A few moments of reverie


A great article, as are all those which you send me. I can suggest another way to remind yourself of what you have read: include a note of where and when you purchased the book as well as when you read it. I find that this is an excellent memory jogger, and what is more, it allows you a few moments of reverie as it takes you straight back to a previous moment in time – perhaps a time when you were even another person.

Thank you and please keep up your excellent work.

Best wishes


Keep doing you

Dear Penguin,

I am loving your content at the moment. Adored the piece on heatwave fiction – it made me wonder how long you’d sat on it, waiting for that perfect moment for it to drop. God, it was a scorcher when I read it, and I tip my hat to your editorial decision.

Just thoroughly enjoyed ‘six signs you’re maddening, desperately in love with a book’ (or a very similar, probably profoundly better, title 😉). The last book that did that to me was Fire and Hemlock in early lockdown. And I still am seeking someone to talk to about it.

Anyway, keep doing you, Penguin. I’m loving your work.


Just the Ticket

Hi there, just wanted to let you know that I really enjoyed your interview with Sophie Mackintosh. I really like the sound of Blue Ticket and the audio clip was so good that I've added it to my audible wishlist.

Best wishes


In a Rushdie

Dear Editor,

Thank you for the summer newsletters. My mailbox usually only contains grocery fliers and insurance offers. At 62, my reading goal this year was simply to get through one Salman Rushdie novel. As much as I revere this author I have never succeeded in finishing any of his highly regarded books. But Quichotte so far has captured my attention. 

Since I am already over the assigned age for your list I decided to see what I missed out on. I’ve read Martin Amis, but not his father. And Heller’s classic looks good. So, I may give Penguin my credit card information around Labor Day. After I read Salman’s novel.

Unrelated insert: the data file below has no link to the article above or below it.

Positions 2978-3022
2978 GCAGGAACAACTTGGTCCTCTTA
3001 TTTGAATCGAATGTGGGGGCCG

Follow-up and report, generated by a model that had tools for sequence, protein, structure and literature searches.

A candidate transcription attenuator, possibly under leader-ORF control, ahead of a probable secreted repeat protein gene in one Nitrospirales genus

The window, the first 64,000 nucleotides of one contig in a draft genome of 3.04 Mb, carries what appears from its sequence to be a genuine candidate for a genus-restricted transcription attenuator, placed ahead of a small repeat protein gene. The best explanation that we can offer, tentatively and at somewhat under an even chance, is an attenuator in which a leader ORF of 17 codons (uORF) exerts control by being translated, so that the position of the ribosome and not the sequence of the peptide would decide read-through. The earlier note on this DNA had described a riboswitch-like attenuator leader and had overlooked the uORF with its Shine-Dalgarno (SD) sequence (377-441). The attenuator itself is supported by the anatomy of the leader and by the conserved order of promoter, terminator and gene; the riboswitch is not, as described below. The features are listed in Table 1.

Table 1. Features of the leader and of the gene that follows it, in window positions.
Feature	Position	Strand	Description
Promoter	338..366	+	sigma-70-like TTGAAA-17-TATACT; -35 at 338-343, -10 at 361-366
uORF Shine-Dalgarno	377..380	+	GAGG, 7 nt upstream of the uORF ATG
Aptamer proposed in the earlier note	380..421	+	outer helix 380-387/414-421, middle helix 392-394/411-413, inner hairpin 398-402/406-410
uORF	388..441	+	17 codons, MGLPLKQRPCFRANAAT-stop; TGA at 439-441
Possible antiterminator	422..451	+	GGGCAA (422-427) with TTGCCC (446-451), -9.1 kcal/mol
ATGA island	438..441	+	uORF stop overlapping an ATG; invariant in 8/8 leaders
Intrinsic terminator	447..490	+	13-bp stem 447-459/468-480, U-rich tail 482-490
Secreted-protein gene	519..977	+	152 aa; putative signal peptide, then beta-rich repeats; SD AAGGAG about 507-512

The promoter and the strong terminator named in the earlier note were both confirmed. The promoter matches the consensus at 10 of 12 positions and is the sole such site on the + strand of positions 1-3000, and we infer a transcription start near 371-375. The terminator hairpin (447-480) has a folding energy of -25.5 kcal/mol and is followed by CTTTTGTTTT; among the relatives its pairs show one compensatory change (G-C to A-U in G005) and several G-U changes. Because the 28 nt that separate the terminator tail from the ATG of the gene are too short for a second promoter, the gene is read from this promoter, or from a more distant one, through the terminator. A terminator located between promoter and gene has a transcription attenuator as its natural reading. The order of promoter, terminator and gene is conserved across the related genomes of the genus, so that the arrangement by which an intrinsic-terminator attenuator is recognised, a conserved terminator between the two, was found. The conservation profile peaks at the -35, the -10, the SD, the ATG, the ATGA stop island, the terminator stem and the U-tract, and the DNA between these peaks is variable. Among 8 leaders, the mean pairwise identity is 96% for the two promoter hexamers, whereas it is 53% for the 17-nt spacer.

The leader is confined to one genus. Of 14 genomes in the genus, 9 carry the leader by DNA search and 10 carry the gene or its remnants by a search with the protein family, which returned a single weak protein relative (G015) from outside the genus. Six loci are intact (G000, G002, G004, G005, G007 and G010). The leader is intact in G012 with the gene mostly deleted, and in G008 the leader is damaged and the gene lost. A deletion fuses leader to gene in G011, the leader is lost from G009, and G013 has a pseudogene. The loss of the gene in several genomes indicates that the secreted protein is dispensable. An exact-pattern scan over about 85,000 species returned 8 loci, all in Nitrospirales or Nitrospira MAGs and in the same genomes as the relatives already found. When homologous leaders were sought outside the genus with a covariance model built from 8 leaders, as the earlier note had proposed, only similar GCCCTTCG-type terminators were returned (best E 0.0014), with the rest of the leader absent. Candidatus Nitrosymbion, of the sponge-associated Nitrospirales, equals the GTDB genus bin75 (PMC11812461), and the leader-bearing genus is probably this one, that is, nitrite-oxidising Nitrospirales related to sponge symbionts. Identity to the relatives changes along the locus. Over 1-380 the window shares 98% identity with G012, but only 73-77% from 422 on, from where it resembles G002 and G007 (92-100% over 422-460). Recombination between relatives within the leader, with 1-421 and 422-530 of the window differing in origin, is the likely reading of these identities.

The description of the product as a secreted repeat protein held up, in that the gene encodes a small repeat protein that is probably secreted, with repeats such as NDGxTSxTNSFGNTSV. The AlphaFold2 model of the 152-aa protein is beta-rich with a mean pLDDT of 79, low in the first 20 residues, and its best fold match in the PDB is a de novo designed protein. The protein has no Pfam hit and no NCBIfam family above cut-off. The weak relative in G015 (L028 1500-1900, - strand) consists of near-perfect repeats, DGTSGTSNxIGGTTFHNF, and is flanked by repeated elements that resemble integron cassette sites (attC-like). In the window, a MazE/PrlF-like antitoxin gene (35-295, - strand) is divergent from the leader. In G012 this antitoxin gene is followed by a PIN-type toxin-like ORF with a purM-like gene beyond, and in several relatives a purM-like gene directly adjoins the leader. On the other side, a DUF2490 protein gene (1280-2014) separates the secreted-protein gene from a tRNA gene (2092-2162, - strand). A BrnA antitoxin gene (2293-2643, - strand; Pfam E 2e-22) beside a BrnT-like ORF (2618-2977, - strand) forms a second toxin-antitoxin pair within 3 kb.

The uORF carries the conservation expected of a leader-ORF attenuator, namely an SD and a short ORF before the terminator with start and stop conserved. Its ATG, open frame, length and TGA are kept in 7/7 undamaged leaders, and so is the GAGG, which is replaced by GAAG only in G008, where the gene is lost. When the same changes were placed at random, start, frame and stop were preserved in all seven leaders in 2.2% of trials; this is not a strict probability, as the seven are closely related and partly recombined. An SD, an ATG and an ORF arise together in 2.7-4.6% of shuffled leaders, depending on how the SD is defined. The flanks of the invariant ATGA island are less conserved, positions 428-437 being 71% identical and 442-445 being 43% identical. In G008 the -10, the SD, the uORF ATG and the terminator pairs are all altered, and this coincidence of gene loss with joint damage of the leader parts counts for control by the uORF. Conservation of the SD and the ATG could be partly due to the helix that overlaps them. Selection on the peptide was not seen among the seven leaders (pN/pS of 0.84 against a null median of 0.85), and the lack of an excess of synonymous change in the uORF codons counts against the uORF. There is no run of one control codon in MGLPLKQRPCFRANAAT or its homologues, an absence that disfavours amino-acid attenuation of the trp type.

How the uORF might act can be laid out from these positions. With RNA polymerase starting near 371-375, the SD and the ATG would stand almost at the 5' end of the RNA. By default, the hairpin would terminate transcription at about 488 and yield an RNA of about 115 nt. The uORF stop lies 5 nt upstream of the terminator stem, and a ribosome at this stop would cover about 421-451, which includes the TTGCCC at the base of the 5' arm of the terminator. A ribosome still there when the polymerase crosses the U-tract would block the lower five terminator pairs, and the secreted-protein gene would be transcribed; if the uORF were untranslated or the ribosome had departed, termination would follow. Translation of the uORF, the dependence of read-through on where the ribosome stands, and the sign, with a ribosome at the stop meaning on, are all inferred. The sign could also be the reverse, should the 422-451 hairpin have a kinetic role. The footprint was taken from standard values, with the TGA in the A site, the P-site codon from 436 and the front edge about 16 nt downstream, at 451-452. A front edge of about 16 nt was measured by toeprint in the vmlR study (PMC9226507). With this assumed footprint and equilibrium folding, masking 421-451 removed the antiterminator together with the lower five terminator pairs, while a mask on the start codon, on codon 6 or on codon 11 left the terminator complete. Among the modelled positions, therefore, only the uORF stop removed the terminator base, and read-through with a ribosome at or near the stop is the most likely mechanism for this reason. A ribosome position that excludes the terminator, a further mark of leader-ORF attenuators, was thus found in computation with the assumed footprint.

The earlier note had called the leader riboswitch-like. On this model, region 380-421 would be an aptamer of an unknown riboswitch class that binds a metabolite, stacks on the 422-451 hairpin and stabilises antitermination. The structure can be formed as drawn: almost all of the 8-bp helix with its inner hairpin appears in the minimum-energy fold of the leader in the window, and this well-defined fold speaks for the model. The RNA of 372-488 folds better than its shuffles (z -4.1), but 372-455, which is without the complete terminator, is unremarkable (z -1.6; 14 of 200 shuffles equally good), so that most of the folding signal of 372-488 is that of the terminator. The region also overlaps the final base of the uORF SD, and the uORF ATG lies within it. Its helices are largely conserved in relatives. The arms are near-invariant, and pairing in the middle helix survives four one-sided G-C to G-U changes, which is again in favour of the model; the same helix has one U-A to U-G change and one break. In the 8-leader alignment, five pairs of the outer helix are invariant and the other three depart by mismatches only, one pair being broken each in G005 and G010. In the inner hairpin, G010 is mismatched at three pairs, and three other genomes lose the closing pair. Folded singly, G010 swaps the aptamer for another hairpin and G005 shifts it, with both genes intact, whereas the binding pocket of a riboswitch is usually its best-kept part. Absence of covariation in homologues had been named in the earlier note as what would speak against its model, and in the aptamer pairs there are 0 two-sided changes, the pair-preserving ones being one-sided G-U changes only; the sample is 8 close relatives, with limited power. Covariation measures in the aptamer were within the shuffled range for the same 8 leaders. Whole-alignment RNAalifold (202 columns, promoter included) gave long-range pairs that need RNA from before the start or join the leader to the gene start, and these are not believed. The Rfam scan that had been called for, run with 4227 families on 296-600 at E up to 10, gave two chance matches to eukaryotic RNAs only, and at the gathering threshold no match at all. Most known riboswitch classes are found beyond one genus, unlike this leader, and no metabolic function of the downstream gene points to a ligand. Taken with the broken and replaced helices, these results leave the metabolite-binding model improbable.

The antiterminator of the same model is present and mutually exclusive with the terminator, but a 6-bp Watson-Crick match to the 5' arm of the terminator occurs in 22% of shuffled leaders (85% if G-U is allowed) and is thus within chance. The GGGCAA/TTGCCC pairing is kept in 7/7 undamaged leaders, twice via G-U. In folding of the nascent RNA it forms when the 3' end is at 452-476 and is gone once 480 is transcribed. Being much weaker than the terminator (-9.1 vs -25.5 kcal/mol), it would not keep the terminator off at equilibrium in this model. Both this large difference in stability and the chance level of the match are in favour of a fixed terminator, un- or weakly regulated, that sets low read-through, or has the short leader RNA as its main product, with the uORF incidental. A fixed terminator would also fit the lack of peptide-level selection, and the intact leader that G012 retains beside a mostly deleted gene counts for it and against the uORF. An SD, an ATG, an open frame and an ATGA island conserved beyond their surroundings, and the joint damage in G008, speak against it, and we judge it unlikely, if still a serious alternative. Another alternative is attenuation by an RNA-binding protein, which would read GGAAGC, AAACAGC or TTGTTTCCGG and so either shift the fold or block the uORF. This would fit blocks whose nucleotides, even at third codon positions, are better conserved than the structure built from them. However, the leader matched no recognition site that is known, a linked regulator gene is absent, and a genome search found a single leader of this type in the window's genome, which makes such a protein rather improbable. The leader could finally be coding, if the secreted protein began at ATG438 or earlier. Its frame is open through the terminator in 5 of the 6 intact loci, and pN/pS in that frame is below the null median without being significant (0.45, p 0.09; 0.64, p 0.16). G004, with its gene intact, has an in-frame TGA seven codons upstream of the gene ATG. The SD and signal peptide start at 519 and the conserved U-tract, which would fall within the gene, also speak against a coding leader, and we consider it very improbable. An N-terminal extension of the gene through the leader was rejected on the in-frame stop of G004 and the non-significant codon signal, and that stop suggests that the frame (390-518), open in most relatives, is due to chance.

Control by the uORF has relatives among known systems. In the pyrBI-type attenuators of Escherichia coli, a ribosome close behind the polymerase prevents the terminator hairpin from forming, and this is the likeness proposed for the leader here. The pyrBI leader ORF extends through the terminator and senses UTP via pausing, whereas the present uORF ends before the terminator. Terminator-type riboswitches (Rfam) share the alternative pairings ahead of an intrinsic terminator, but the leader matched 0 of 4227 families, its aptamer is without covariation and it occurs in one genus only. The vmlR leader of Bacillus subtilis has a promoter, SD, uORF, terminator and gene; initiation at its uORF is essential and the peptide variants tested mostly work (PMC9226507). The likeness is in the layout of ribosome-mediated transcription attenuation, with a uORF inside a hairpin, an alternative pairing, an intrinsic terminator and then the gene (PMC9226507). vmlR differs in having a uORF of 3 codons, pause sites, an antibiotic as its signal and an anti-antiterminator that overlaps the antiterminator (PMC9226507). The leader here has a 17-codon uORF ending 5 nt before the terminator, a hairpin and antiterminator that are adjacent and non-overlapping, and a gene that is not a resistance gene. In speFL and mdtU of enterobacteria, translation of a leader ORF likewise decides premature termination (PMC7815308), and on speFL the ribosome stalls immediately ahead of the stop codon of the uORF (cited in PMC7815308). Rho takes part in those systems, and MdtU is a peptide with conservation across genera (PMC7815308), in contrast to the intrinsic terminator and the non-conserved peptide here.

Kindly, Robert

Animal Farm

A very British scandal

Dear editors,

Well done! Orwell has accompanied me throughout my life, and Animal Farm is a timeless classic, as “all animals are equal but some are more equal than others” was beautifully demonstrated in the Dominic Cummings scandal.

Wasn‘t that noticed in the British press?



A delightful experience

Dear Editor,

Thanks for the great article about the overwhelming pleasure of an exciting read.

I have a delightful little bookcase with ornate fretwork on which I keep books which form part of who I am. Nestled amongst these volumes is Richard AdamsThe Girl in a Swing published by Penguin in 1986. I’ve read it repeatedly; indeed, when deeply crushed by life’s events, I retreat to a quiet place and read it again. It has everything I want: beautiful writing (oh that first page!), a plot which never falters or loses pace, and a delightful experience I enjoy – a book which informs me, in this case, about antique English porcelain, and the Greek theatre. Also thrown into the mix is deep love and a ghost story.

Another favourite writer is Geraldine Brooks, a Pulitzer Prize winner and former war correspondent for the Wall Street Journal. People of the Book runs a very close second in my heart for similar reasons to Richard Adams’ offering. Both writers have other great books, but I single out these two for stardom.

Thanks for the article!



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